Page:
Fifty-five-year-old Jagdish Chandra Kudiyal, a farmer and grocery shop owner from Kumaon’s Bageshwar district, revived a spring in his locality which had been lying dead for decades. Inspired by the Chipko movement, he started planting saplings around the spring, which slowly recharged the ground water table. After 20 years, the spring finally came to life and now helps locals irrigate their fields.
On Sunday, Prime Minister Narendra Modi lauded his efforts in ‘Mann ki Baat’.
Chief minister Trivendra Singh Rawat took to Twitter to praise him too. “When stubbornness turns into passion, there are definitely meaningful results. Shri Jagdish Kudiyal Ji, resident of Bageshwar district of Uttarakhand, has recharged the dry local water springs many years ago with his efforts to overcome not only the drinking water crisis, but also the irrigation problems in villages,” the CM wrote.
Recalling how it started, Kudiyal, who lives in Sirkot village of Bageshwar district’s Gardud block said that the idea first came to his mind when the village faced acute water crisis and all he could see was dried up springs.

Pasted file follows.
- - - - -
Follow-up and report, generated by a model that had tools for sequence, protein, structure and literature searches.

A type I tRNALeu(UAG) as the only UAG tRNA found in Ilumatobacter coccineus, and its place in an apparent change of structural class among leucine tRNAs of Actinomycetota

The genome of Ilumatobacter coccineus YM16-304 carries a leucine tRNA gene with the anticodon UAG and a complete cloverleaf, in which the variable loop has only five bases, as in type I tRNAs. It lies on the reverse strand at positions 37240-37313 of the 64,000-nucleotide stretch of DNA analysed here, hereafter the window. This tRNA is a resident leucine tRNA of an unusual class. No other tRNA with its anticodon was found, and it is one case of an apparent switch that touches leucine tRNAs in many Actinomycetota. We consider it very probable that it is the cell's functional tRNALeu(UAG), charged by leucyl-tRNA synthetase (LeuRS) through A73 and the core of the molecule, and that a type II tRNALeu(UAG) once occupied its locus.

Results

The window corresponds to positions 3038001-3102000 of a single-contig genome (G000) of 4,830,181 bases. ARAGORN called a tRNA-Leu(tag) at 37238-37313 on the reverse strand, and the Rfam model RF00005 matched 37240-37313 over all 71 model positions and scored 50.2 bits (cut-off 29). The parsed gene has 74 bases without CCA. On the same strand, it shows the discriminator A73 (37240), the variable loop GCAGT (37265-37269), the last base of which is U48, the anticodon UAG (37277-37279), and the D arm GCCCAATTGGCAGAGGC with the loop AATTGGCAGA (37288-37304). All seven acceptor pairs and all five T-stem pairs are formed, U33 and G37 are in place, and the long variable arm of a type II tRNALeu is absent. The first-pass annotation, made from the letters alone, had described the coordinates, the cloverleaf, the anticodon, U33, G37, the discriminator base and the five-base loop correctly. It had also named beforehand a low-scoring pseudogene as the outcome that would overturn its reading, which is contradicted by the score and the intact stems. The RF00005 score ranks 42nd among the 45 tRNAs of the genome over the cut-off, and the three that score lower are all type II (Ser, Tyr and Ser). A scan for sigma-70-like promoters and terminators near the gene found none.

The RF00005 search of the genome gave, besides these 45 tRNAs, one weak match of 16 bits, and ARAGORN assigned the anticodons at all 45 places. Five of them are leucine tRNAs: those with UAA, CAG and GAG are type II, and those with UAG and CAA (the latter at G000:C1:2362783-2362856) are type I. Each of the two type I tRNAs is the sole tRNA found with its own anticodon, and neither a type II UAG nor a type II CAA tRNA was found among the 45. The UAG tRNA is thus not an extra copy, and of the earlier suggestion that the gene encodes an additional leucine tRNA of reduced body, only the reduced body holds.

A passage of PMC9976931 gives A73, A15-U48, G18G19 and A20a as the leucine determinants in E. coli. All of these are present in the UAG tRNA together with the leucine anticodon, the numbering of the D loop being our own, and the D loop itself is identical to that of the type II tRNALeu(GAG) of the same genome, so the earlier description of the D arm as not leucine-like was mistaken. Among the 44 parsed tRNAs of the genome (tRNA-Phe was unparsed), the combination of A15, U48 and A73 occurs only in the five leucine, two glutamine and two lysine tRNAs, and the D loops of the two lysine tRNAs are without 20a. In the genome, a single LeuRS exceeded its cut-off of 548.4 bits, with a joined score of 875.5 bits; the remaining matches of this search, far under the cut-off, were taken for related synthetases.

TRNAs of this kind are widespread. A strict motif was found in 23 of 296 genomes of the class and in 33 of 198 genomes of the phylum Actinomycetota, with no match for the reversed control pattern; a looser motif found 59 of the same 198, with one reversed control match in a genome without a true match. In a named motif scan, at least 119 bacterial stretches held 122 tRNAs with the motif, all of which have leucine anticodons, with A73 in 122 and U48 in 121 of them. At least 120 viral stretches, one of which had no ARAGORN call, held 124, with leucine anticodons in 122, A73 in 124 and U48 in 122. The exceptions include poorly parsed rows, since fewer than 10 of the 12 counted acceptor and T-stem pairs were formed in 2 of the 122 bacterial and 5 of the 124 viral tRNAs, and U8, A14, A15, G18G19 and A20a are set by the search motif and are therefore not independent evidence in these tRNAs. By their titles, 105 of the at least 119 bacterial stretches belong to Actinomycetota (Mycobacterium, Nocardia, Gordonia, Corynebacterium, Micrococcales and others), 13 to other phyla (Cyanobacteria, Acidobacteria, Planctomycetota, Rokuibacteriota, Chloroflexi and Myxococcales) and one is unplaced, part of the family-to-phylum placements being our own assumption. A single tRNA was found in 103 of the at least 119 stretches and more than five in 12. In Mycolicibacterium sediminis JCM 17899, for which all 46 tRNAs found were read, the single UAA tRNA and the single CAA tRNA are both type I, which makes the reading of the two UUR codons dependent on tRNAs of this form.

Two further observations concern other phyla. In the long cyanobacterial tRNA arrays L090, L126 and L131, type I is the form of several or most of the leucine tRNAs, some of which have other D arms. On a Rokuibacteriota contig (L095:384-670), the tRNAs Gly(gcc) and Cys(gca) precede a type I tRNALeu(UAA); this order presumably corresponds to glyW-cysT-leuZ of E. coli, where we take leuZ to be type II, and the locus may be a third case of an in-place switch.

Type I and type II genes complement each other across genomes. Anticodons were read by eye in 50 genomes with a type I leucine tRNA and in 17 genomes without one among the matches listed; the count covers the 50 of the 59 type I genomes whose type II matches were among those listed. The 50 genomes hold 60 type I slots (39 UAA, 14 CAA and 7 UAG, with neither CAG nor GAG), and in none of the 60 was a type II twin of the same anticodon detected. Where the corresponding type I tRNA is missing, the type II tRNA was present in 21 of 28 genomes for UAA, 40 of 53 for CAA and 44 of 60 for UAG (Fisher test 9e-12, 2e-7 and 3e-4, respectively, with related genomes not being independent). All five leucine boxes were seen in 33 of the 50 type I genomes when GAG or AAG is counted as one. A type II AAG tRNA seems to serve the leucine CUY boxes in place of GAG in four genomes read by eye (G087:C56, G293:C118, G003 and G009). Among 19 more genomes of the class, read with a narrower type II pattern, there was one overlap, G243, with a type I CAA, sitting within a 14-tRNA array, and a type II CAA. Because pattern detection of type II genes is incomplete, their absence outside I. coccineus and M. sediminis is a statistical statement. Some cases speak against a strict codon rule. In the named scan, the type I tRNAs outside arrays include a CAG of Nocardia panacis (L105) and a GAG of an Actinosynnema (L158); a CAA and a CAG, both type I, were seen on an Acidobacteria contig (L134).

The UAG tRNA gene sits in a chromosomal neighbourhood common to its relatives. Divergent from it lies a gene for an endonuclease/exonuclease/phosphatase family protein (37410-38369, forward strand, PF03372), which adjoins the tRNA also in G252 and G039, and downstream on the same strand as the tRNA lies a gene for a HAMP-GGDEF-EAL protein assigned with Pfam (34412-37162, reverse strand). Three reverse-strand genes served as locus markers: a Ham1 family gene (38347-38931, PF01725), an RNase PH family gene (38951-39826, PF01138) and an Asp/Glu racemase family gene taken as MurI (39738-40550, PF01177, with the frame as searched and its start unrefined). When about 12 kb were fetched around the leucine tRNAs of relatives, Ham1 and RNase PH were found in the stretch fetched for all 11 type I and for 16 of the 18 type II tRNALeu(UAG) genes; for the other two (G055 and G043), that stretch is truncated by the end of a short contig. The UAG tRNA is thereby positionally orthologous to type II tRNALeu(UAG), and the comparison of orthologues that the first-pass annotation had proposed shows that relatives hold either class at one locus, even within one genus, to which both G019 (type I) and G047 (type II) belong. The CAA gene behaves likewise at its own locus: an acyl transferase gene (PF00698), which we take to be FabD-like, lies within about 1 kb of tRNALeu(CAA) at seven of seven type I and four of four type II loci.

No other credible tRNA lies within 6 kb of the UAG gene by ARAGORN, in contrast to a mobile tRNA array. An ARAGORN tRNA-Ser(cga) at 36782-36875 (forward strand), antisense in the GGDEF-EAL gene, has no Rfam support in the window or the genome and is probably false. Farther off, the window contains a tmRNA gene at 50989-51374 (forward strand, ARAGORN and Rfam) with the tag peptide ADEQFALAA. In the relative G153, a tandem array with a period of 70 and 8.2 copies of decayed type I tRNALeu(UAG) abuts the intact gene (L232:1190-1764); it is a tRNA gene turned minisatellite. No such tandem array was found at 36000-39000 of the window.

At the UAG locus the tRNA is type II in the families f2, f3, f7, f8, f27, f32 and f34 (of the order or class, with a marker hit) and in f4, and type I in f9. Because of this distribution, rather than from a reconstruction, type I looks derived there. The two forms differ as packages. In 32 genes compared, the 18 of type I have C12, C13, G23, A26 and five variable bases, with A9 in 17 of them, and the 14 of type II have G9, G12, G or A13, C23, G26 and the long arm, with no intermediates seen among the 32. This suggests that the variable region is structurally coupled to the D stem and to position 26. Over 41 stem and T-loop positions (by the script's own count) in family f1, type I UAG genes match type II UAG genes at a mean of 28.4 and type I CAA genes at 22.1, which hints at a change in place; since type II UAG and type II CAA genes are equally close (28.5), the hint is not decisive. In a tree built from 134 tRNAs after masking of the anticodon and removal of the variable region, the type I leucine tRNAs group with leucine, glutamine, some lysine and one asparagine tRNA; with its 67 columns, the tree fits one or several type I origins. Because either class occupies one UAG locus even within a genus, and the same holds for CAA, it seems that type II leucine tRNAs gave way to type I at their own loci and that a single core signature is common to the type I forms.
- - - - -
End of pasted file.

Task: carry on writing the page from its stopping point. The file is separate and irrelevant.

“At that moment, I remembered the Chipko movement in which people started saving trees as they were sources of water recharge, among other things. I went to the ‘gadera’ [water spring] – the only source of water for the nearby villages. You couldn’t see a drop of water in it. It was all dry, filled with leaves, stones,” Kudiyal said.
He then started plantation around the ‘gadera’. Initially around 100 trees were planted, but like every success story starts with a failure, locals didn’t show any support.
“Villagers used to send their animals to graze on small plants. They sometimes used to destroy them for fun. But, I had already decided that I was there to bring life to it,” Kudiyal added. He then started tea farming in his field which was also located near the spring.
“I hired labourers to work in my tea fields and this is how I also got people to guard my saplings. And we managed to turn them into trees. We then dug deep pits after every two to three metres that used to get filled up with rain water. Finally, the hard work and patience of 20 years paid off when the spring came to life.”
Kudiyal said villagers later joined the “movement” when they saw his determination and results. His one son is a manager in an Indian overseas bank while the other is an Army officer, but he never left his village to lead a city life.
The water spring is now not only providing drinking water to 400 homes in villages, but is also being used for irrigation. Bageshwar’s chief development officer DD Pant said the water conservation campaign from the plantation in Sirkot village is truly commendable.